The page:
After a Royal Commission on Local Government in Greater London all of the original area was incorporated into an enlarged Greater London in 1965, with the rest transferred to neighbouring counties. Since 1965 various areas called. Middlesex was the former postal county of 25 post towns; the name refers to the tribal origin of its inhabitants. The word is formed from the Old English,'middel' and'Seaxe'. In 704, it is recorded as Middleseaxon in an Anglo-Saxon chronicle, written in Latin, about land at Twickenham; the Latin text reads: "in prouincia quæ nuncupatur Middelseaxan Haec". The Saxons derived their name from a kind of knife for which they were known; the seax has a lasting symbolic impact in the English counties of Essex and Middlesex, both of which feature three seaxes in their ceremonial emblem. Their names, along with those of Sussex and Wessex, contain a remnant of the word "Saxon". There were settlements in the area of Middlesex that can be traced back thousands of years before the creation of a county.
Middlesex was part of the Kingdom of Essex It was recorded in the Domesday Book as being divided into the six hundreds of Edmonton, Gore, Hounslow and Spelthorne. The City of London has been self-governing since the thirteenth century and became a county in its own right, a county corporate. Middlesex included Westminster, which had a high degree of autonomy. Of the six hundreds, Ossulstone contained the districts closest to the City of London. During the 17th century it was divided into four divisions, along with the Liberty of Westminster took over the administrative functions of the hundred; the divisions were named Finsbury, Holborn and Tower. The county had parliamentary representation from the 13th century; the title Earl of Middlesex was created twice, in 1622 and 1677, but became extinct in 1843. The economy of the county was dependent on the City of London from early times and was agricultural. A variety of goods were provided for the City, including crops such as grain and hay and building materials.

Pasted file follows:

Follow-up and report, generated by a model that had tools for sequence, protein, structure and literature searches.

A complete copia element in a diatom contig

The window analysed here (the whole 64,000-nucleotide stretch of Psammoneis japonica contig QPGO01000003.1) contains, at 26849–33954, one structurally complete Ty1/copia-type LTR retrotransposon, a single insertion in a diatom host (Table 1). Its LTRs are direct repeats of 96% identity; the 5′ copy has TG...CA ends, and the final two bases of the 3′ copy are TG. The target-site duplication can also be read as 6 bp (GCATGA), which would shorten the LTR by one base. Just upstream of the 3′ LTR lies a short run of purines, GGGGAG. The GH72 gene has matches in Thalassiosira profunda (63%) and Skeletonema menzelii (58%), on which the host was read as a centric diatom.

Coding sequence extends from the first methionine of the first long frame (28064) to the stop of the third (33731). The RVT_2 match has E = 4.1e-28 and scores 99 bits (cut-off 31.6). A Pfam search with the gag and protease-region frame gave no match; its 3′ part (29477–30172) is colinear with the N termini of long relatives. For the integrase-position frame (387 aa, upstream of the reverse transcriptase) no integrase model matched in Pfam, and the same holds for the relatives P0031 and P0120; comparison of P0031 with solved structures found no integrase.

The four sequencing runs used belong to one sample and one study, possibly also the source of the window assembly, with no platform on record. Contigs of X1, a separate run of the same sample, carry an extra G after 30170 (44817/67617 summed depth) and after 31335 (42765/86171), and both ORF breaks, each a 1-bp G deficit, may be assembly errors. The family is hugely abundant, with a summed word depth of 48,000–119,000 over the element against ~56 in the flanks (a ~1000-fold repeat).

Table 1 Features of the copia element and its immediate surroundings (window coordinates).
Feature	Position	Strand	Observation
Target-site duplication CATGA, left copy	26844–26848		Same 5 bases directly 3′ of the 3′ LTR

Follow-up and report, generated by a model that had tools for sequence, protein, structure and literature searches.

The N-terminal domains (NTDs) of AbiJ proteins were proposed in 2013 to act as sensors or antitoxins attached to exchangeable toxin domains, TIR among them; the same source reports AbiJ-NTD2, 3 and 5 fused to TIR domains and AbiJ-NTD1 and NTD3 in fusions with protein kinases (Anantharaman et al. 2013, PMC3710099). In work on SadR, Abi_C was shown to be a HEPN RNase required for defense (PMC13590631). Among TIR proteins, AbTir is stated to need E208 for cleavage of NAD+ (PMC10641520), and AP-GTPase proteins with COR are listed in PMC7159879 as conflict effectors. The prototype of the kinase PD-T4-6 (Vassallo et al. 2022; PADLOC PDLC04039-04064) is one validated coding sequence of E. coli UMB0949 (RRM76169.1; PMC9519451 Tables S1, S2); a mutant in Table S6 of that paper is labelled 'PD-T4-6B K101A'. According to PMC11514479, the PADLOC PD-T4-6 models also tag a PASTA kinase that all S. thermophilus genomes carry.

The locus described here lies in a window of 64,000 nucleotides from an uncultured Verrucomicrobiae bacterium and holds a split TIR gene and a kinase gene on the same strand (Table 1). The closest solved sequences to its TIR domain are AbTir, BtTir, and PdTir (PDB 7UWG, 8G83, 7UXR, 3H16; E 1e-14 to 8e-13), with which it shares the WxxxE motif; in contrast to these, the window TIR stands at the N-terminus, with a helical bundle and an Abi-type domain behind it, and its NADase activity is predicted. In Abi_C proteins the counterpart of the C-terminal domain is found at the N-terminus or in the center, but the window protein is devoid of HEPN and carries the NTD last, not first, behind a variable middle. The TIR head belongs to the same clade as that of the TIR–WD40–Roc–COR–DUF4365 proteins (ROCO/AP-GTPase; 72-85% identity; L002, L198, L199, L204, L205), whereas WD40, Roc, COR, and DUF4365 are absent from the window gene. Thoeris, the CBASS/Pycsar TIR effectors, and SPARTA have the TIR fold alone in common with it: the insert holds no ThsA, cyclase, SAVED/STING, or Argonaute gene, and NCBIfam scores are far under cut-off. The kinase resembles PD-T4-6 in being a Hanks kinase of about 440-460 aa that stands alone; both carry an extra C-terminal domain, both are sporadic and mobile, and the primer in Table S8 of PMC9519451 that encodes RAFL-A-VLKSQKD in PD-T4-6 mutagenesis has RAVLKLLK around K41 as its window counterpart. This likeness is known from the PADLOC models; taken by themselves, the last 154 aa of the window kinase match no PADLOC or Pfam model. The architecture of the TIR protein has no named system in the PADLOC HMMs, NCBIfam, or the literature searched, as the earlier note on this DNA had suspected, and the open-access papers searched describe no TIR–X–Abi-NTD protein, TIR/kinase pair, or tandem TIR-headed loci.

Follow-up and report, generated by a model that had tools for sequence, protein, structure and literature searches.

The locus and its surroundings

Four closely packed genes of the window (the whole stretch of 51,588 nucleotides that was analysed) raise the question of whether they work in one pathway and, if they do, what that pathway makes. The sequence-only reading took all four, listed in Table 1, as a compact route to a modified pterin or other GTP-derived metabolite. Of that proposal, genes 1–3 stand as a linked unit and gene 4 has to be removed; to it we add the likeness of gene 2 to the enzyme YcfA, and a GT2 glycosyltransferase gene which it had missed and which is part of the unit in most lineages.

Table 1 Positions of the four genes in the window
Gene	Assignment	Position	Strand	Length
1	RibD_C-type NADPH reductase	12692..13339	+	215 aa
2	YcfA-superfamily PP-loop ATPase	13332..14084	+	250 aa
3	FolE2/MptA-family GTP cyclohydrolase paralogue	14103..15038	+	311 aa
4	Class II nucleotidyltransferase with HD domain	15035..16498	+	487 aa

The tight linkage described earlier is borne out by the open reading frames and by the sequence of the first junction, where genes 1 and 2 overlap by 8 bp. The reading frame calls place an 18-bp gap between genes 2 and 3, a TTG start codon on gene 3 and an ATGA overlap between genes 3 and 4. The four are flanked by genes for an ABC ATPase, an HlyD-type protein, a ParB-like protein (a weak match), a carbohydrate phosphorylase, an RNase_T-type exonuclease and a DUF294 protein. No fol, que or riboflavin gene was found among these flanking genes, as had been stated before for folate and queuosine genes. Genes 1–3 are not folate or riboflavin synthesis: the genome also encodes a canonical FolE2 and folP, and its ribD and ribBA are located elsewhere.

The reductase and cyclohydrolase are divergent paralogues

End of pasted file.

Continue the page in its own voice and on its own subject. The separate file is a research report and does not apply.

Recreation at day trip destinations such as Hackney, Islington and Twickenham, as well as coaching, inn-keeping and sale of goods and services at daily shops and stalls to the considerable passing trade provided much local employment and formed part of the early economy. However, during the 18th century the inner parishes of Middlesex became suburbs of the City and were urbanised; the Middlesex volume of John Norden's Speculum Britanniae of 1593 summarises: This is plentifully stored, as it seemeth beautiful, with many fair and comely buildings of the merchants of London, who have planted their houses of recreation not in the meanest places, which they have cunningly contrived, curiously beautified with divers devices, neatly decked with rare inventions, environed with orchards of sundry, delicate fruits, gardens with delectable walks, alleys and a great variety of pleasing dainties: all of which seem to be beautiful ornaments unto this country. Thomas Cox wrote in 1794: We may call it all London, being chiefly inhabited by the citizens, who fill the towns in it with their country houses, to which they resort that they may breathe a little sweet air, free from the fogs and smoke of the City.
In 1803 Sir John Sinclair, president of the Board of Agr
Ealing Common is a large open space in Ealing, west London. It is the name of the area surrounding Ealing Common station where Piccadilly & District line trains stop; the Ealing Common Area is bounded by Ealing Town Centre to the west, North Ealing and Hanger Hill to the north, Acton to the east and South Ealing and South Acton to the south. The Ealing Common open space is bounded by Gunnersbury Ave to the east and the Uxbridge Road to the north. A smaller area of the common extends to the east including Leopold Road; the western boundary includes Warwick Dene, with Elm Avenue to the south. The Ealing Common open space is a common land as designated by the 1866 Metropolitan Commons Act. In August 1733 a cricket match was played on the common between London; the result is unknown but the terms of the match were "for £50, play or pay", a substantial prize. London was the sport's premier club at the time; this is the only mention of Ealing & Acton and of Ealing Common in the surviving records of early cricket.